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Amendment 8 ruling appeal heads straight to Florida Supreme Court

A Leon County judge on Monday removed the measure from the November ballot

Citing a need for speed, Florida's 1st District Court of Appeal has sent the question of whether Amendment 8 should return to the November ballot directly to the state Supreme Court.

Lawyers for both sides in the case, initially brought by the League of Women Voters, jointly recommended it pass directly to the high court. The three-judge panel agreed to the expedited treatment, saying the appeal "involves a question of great public importance and requires immediate resolution by the Supreme Court of Florida."

Specifically, the League contended the title and summary of Amendment 8 are misleading and do not clearly state the chief purpose of the proposal, which packages three separate education questions. Those are whether to set school board term limits, embed civics education in the constitution, and allow for the creation of a public school authorizer separate from local school boards.

Leon County Judge John Cooper agreed, tossing the measure off the November ballot.

Related coverage: Judge orders Amendment 8 be removed from Florida ballot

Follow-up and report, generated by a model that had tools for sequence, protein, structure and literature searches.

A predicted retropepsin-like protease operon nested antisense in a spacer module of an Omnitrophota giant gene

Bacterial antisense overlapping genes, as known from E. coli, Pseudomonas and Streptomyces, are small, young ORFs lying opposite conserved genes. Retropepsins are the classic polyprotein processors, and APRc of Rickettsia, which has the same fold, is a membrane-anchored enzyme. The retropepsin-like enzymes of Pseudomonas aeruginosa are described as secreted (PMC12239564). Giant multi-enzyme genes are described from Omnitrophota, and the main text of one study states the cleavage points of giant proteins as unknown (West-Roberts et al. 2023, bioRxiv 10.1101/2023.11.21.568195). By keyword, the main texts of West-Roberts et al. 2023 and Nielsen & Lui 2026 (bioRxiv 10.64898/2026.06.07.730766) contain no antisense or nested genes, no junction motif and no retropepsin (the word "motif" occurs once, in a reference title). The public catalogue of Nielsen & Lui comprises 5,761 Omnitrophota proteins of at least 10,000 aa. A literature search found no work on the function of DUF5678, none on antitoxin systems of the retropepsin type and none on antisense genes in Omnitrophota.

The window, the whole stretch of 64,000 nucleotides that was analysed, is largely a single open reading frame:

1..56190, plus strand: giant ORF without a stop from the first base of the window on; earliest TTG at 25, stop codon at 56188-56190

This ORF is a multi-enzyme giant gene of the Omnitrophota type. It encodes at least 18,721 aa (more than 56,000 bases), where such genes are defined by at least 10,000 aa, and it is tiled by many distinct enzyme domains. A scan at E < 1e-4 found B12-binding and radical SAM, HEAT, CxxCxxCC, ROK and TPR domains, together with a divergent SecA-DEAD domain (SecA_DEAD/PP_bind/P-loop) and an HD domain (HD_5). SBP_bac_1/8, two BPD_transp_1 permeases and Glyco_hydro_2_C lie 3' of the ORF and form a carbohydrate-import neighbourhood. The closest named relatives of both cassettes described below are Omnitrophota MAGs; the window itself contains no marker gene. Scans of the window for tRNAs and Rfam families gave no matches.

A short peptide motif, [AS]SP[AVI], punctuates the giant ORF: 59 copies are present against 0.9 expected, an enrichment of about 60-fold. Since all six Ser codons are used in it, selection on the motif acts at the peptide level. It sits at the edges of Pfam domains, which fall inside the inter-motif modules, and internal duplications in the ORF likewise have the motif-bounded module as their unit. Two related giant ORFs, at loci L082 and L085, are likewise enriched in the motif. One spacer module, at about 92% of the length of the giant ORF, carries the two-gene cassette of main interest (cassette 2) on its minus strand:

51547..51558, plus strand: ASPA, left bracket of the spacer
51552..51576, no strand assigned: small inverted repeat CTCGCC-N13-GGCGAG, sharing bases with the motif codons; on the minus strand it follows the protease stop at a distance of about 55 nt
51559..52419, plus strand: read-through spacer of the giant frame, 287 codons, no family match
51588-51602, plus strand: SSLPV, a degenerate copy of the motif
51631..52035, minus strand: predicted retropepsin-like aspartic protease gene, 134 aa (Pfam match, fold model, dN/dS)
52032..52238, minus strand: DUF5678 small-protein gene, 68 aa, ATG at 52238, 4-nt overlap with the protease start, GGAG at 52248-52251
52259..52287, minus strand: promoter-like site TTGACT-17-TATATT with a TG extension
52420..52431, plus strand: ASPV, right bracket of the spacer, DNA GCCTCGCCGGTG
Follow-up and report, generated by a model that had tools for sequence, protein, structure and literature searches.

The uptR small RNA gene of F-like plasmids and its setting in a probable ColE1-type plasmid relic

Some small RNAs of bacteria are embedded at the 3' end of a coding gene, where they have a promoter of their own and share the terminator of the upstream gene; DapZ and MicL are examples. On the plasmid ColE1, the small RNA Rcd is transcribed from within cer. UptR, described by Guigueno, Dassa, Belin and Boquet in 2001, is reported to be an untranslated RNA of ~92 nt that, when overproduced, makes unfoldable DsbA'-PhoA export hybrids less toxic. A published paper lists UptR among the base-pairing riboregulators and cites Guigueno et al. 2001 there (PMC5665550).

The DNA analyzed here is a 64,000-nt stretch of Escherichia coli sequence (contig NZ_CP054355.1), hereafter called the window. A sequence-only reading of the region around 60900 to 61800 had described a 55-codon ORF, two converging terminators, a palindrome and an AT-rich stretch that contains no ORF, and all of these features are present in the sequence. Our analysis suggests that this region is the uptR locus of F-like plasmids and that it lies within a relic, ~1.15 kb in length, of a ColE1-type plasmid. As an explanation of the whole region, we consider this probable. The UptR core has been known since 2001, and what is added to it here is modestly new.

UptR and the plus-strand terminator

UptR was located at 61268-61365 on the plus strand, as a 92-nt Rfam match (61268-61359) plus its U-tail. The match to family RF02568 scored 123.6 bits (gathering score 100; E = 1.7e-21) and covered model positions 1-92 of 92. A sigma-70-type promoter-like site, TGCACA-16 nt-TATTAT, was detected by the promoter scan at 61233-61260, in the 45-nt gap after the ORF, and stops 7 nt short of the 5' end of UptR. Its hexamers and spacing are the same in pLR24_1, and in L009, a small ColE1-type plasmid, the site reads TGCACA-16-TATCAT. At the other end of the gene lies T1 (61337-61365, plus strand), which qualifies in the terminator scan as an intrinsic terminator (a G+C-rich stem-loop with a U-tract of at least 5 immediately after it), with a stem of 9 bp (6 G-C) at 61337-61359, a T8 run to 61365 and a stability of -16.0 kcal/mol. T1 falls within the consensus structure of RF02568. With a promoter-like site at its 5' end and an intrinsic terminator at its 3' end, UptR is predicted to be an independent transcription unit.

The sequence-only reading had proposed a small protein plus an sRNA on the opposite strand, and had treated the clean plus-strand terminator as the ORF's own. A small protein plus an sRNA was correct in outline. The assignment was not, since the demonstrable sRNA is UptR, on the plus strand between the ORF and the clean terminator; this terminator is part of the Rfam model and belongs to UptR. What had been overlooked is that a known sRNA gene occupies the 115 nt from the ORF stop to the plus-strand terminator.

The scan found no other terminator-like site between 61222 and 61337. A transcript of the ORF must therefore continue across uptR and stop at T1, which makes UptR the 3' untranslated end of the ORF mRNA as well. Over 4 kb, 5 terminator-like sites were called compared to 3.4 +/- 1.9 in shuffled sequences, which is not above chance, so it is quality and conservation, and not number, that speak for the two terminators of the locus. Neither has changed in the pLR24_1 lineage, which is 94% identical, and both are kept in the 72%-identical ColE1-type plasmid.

Time is short to give Cooper's ruling further consideration. The question must be decided by Sept. 4, to provide election officials time to prepare an already lengthy ballot.

The Supreme Court has not set a date to review this case. It did set some deadlines for document submission, though.

The state's brief on the merits must be filed no later than noon Monday, and the response is due by 4 p.m. Wednesday (Aug. 29). The state's reply to that must arrive by 3 p.m. Aug. 31.

The court withheld a decision on whether to request oral arguments.

The court also has another case before it, seeking to remove Amendment 8 and five others from the ballot. That case, which contends the proposals are unconstitutionally bundled, has not been scheduled for any hearing, either.

Related coverage: State responds to challenge of six bundled amendment proposals, calls them proper 

[NOTE: This report has been updated to reflect deadlines set by the Supreme Court.]